Ontario has been in a state of opioid overdose crisis for several years, as the number of lives lost has steadily increased. In 2019, our province experienced the worst effects of this when we recorded the highest number of opioid-related overdose deaths in the country: 1,509.1 Furthermore, with this pandemic we are seeing compounding public health emergencies: the wide-ranging and deadly health impacts of COVID-19, plus a significant increase in overdoses due to opioids, largely due to an increasingly toxic drug supply. Since the onset of the COVID-19 pandemic in March until June, there has been a nearly 40 per cent increase in opioid-related deaths. If the current data trends continue, 2,271 opioid-related deaths are expected in 2020, making it the most tragic year on record.2

 

It is essential that substance use and harm reduction approaches, including safer opioid supply initiatives, are scaled up, in order to provide services and support for people who use drugs (PWUD) in Ontario.

 

Safer opioid supply (SOS) is an approach that focuses on saving lives through the provision of safe doses of opioid medication, provided by a health care practitioner, as an alternative to the contaminated sources of unregulated drugs currently available on the street.3 SOS provides people who may not have responded to other forms of treatment with a safer medical alternative from a licensed prescriber. These programs also aim to connect individuals with health and psychosocial services, which may be more difficult to access during the COVID-19 outbreak.4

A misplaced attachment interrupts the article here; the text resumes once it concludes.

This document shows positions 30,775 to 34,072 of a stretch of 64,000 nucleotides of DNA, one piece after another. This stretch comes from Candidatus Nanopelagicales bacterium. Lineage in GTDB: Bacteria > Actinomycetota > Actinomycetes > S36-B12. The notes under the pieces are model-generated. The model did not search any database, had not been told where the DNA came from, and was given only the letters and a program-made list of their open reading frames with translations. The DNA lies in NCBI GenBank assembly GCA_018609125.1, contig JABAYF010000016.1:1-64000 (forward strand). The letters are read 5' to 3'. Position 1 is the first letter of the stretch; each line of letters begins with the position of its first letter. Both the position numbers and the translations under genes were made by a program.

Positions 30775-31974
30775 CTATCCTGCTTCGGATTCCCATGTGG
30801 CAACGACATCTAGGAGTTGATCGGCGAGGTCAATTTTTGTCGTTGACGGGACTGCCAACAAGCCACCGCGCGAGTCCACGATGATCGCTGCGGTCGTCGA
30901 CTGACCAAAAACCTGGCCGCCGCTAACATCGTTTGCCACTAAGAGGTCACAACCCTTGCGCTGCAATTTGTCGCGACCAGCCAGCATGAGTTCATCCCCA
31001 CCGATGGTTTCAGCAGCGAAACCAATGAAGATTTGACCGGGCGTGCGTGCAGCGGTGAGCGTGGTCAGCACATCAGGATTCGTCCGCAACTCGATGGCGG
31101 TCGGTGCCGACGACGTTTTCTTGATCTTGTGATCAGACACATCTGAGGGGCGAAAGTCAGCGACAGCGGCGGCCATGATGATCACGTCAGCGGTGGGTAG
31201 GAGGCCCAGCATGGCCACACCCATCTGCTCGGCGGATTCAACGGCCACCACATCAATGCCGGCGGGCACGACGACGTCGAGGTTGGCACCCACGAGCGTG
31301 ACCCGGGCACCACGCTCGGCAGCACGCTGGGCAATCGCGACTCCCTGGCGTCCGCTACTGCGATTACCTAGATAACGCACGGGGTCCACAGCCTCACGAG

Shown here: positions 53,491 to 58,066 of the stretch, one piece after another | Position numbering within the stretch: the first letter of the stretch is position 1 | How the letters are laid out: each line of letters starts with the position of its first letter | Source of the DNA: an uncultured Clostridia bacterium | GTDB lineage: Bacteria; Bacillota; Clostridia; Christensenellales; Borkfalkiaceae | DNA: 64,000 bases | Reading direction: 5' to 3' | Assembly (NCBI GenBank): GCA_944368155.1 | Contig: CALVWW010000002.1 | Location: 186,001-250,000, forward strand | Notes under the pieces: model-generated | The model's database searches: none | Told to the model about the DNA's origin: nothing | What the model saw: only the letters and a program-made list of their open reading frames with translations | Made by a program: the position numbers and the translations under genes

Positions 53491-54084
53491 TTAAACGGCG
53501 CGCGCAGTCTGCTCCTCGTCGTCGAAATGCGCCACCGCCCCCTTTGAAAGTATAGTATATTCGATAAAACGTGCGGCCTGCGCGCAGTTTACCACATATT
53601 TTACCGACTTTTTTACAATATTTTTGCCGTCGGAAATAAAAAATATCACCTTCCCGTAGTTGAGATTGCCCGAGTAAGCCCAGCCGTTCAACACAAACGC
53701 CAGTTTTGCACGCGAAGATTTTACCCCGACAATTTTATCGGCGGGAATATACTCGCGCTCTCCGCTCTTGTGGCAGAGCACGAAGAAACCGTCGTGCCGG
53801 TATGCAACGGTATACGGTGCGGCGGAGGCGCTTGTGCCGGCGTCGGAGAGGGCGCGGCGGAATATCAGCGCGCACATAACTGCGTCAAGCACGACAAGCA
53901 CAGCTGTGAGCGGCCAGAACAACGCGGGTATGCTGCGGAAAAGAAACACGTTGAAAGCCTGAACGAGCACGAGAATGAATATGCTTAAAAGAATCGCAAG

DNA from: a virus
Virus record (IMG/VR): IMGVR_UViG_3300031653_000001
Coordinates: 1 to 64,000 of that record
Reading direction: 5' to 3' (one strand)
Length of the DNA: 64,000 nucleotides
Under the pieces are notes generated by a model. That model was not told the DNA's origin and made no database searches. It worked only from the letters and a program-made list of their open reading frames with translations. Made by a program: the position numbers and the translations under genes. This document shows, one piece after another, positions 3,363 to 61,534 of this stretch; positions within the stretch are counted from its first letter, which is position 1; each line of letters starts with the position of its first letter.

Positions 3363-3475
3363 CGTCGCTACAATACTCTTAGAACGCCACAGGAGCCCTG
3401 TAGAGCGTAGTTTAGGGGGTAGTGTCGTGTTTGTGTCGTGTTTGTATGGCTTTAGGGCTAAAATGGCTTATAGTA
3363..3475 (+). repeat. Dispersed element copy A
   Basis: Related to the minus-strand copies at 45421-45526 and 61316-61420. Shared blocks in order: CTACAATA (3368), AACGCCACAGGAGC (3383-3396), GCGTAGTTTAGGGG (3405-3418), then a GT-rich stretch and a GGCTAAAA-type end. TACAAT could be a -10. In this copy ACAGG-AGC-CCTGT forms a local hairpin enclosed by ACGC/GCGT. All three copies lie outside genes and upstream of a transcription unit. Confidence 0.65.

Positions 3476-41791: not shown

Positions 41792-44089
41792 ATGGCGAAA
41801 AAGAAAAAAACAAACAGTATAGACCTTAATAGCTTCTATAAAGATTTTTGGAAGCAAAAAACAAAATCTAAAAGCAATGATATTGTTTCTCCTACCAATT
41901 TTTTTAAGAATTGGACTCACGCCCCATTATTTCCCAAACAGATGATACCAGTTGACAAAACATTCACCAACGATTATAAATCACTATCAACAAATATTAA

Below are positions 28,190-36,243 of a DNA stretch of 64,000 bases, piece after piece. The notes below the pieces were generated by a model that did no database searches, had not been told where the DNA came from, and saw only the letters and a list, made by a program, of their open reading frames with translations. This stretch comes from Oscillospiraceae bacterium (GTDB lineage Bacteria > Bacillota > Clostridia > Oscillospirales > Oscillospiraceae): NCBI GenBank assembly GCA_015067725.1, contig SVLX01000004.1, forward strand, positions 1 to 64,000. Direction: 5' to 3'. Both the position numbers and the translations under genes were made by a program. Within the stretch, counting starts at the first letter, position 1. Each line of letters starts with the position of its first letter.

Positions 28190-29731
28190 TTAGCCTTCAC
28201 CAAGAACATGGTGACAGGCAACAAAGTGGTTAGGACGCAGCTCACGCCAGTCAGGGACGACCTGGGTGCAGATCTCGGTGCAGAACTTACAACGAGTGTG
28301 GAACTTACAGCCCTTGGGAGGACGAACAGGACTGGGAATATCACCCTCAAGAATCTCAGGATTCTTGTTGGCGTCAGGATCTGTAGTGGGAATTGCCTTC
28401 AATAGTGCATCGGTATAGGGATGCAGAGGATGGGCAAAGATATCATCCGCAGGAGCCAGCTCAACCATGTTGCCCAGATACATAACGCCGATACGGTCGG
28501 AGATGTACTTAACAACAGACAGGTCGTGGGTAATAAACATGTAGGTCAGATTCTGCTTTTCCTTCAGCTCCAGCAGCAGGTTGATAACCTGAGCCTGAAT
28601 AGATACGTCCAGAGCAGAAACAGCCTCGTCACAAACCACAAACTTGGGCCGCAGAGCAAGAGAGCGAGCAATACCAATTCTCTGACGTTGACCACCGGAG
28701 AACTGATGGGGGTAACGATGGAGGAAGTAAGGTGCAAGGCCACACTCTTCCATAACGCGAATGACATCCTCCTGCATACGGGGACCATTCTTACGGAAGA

Safe supply and other harm reduction initiatives exist on a broad continuum of substance-use programming that aims to support Ontarians who use substances by minimizing their risks and providing low-barrier access to support. In Ontario, several SOS models currently exist and are predominantly located within Community Health Centres, where in addition to primary care, clients can also be connected to a broad range of psychosocial supports. While the evidence in support of these models is emerging, preliminary data shows that SOS programs have been successful in mitigating harms and supporting people who are at imminent risk of death due to a toxic drug supply.5,6

While there are several factors contributing to the overdose crisis, exposure to toxic substances in an unregulated (illicit) market is the primary driver of overdose deaths in Ontario. Fentanyl and its analogues have been found to be the major cause of opioid-related overdoses and deaths. Individuals purchasing substances on the street may consume fentanyl without their knowledge, causing overdoses among people who may be unaware that they were consuming high-strength opioids.7 Research shows that the vast majority of deaths (87 per cent) are attributable to fentanyl and nearly all deaths (96 per cent) are accidental.8 As such, what is widely referred to as an overdose crisis, is in fact better described as a drug-poisoning crisis.9

Advocates for safer supply approaches reference the way in which the government controls and distributes alcohol, tobacco and cannabis, for example, and suggest that treating other substances similarly – by providing a regulated safe supply – has the potential to reduce overdose deaths.10 The purpose of safer supply is to provide a less risky way for people to access what they are seeking when using street drugs, while reducing the risk of death and engaging in wraparound health and social supports. This is increasingly important as we know that PWUD continue to be stigmatized and criminalized which can lead to marginalization from the health care system that may make them especially vulnerable to health and social harms, especially during a pandemic.11

As the data continues to emerge during this time it is clear that the pandemic is contributing to an increase in overall substance use among vulnerable populations. Homeless youth report a 69 per cent increase in substance use since the beginning of the pandemic and there is a 37 per cent increase in overdoses with this population.12 In addition, closures of services have led PWUD to unsafe consumption practices such as using alone.13 We are seeing this clearly with evidence indicating that 75 per cent of overdose deaths during this pandemic were people who were alone, with no one available to intervene or administer naloxone.14